Lacking such imagination, the ideologues running the Pentagon failed to plan for an insurgency. But, worse, they adamantly refused to do any planning at all for post-invasion Iraq, lest they be required to inform Congress about the potential problems that might arise. As one Defense official told George Packer, "The senior leadership in the Pentagon was very worried about the realities of the postconflict phase being known, because if you are [Douglas] Feith or if you are Wolfowitz, your primary concern is to achieve the war." [Ibid, p. 114]
Two erroneous assumptions permitted Rumsfeld and the neoconservatives in the Pentagon to justify their politically inspired negligence: (1) the war would be a "cakewalk," because Iraqis would greet American troops as liberators and (2) the technological superiority of America's forces, thanks to the "revolution in military affairs," was a force multiplier that rendered a huge invading force and post-invasion plans unnecessary.
Eager for war, the Bush/Cheney regime spent much of 2002 planning for the invasion - Phase I (the buildup of troops), Phase II (covert operations) and Phase III (air and ground assaults). In fact, by early 2002 military resources had been diverted from Afghanistan to support the invasion of Iraq. On February 19, 2002 General Tommy Franks admitted as much when he confidentially told Florida's Senator, Bob Graham: "Senator, we are not engaged in a war in Afghanistan" because "military and intelligence personnel are being redeployed to prepare for an action in Iraq." [Graham, Intelligence Matters p. 125]
(According to Graham, "[O]nce America turned to Iraq, al Qaeda was able to regroup, refocus, and begin carrying out attacks again. From September 2002 until the train bombings in Spain in 2004, al Qaeda carried out twelve attacks that took, in all, more than 600 lives." [Graham, p. 218])
Eager for war, the Bush/Cheney regime also ignored two Intelligence Community Assessments issued in January 2003 that warned about the numerous potential problems that might result from an invasion of Iraq. These reports warned about the difficulty of establishing democracy in Iraq, about the opportunities that the invasion would provide for al Qaeda, about the possibility of unleashing violent conflict in a divided society (e.g., civil war), about fueling a heightened terrorist threat, a surge in political Islam and increased funding of terrorist groups, and about how Iran might profit from the whole ordeal. ["Report on Prewar Intelligence Assessments About Postwar Iraq," Select Committee on Intelligence, United States Senate, May 25, 2007, pp. 6-12]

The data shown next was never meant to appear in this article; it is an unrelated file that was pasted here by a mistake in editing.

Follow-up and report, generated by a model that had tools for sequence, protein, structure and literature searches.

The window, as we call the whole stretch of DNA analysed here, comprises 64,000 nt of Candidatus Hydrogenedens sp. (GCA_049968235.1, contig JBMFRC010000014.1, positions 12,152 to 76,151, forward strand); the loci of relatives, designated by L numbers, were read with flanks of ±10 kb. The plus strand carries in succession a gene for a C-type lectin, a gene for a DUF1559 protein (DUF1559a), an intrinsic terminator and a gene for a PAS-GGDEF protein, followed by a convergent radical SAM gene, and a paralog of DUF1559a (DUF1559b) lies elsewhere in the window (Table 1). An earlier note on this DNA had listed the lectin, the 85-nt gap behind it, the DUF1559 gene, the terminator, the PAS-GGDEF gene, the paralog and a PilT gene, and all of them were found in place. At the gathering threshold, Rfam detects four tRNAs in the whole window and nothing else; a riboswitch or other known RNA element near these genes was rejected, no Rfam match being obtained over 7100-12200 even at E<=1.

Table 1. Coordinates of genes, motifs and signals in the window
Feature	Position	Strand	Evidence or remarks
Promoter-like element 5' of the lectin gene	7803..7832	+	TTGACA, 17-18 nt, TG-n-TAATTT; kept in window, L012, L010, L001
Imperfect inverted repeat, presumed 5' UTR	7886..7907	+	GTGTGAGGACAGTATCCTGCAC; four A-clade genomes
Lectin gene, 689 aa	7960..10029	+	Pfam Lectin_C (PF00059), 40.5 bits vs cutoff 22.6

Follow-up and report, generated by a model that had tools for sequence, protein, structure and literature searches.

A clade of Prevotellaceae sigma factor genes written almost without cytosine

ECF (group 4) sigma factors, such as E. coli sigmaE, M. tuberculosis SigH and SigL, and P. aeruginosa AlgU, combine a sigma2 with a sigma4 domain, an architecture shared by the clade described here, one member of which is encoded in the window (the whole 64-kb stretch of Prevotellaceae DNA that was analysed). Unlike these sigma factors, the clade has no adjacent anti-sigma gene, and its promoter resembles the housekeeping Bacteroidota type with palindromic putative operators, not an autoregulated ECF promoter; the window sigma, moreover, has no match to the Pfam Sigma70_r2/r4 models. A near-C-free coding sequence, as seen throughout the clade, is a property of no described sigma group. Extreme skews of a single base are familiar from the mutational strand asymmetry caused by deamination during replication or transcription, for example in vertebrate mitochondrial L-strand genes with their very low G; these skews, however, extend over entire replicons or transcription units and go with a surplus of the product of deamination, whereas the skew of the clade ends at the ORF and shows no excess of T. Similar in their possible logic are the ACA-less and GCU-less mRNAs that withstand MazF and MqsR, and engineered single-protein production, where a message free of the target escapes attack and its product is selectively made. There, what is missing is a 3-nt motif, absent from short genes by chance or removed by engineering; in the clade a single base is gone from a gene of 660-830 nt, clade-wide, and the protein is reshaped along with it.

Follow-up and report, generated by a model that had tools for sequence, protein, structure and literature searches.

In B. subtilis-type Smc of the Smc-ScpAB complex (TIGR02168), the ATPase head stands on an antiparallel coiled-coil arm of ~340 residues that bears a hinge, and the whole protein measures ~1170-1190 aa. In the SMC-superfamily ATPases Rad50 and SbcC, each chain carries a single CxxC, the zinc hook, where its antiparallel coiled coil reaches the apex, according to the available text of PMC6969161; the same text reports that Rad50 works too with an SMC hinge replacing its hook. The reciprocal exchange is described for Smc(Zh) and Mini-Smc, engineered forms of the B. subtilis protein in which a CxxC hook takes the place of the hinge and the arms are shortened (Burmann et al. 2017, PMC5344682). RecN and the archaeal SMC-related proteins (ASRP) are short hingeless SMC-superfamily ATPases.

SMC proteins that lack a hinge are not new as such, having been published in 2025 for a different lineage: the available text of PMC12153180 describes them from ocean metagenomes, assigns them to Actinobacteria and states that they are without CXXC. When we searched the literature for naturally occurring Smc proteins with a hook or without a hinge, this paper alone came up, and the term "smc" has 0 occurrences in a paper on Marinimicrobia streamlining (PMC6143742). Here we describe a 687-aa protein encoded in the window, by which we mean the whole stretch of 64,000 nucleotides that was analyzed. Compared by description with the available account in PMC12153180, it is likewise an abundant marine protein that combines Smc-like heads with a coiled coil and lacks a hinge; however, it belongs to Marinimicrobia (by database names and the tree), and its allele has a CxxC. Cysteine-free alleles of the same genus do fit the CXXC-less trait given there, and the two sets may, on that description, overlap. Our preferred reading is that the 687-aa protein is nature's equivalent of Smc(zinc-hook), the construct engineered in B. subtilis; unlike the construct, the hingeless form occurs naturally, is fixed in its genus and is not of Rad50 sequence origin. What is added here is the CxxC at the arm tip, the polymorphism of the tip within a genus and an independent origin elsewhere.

(Note the total abuse of intelligence: First, the Bush/Cheney regime pressured the intelligence community (IC) to produce conclusions that supported its own preconceptions about Iraq's weapons of mass destruction and ties to al Qaeda. Then, it embellished or lied about the IC's WMD intelligence while fabricating damning intelligence about Saddam's ties to al Qaeda, when the IC found none. Finally, it ignored the IC's quite accurate assessments about potential problems resulting from an invasion.)
Consequently, "by March 2003, the planning for Phase IV [postwar operations] was barely under way." [Packer, p. 119] Moreover, when General Franks -- the man responsible for Phases 1 through 3 - was asked about Phase IV, he replied: "Mr. Wolfowitz is taking care of that." [Packer, p. 120]
Wolfowitz assigned responsibility for postwar planning to his subordinate, Douglas Feith. In mid-January 2003, Feith asked retired lieutenant general Jay Garner to take the job. Garner eventually accepted and commenced work. But when he asked Feith for copies of planning documents, "Feith told him nothing useful existed." [Rajiv Chandrasekaran, Imperial Life in the Emerald City, p. 31]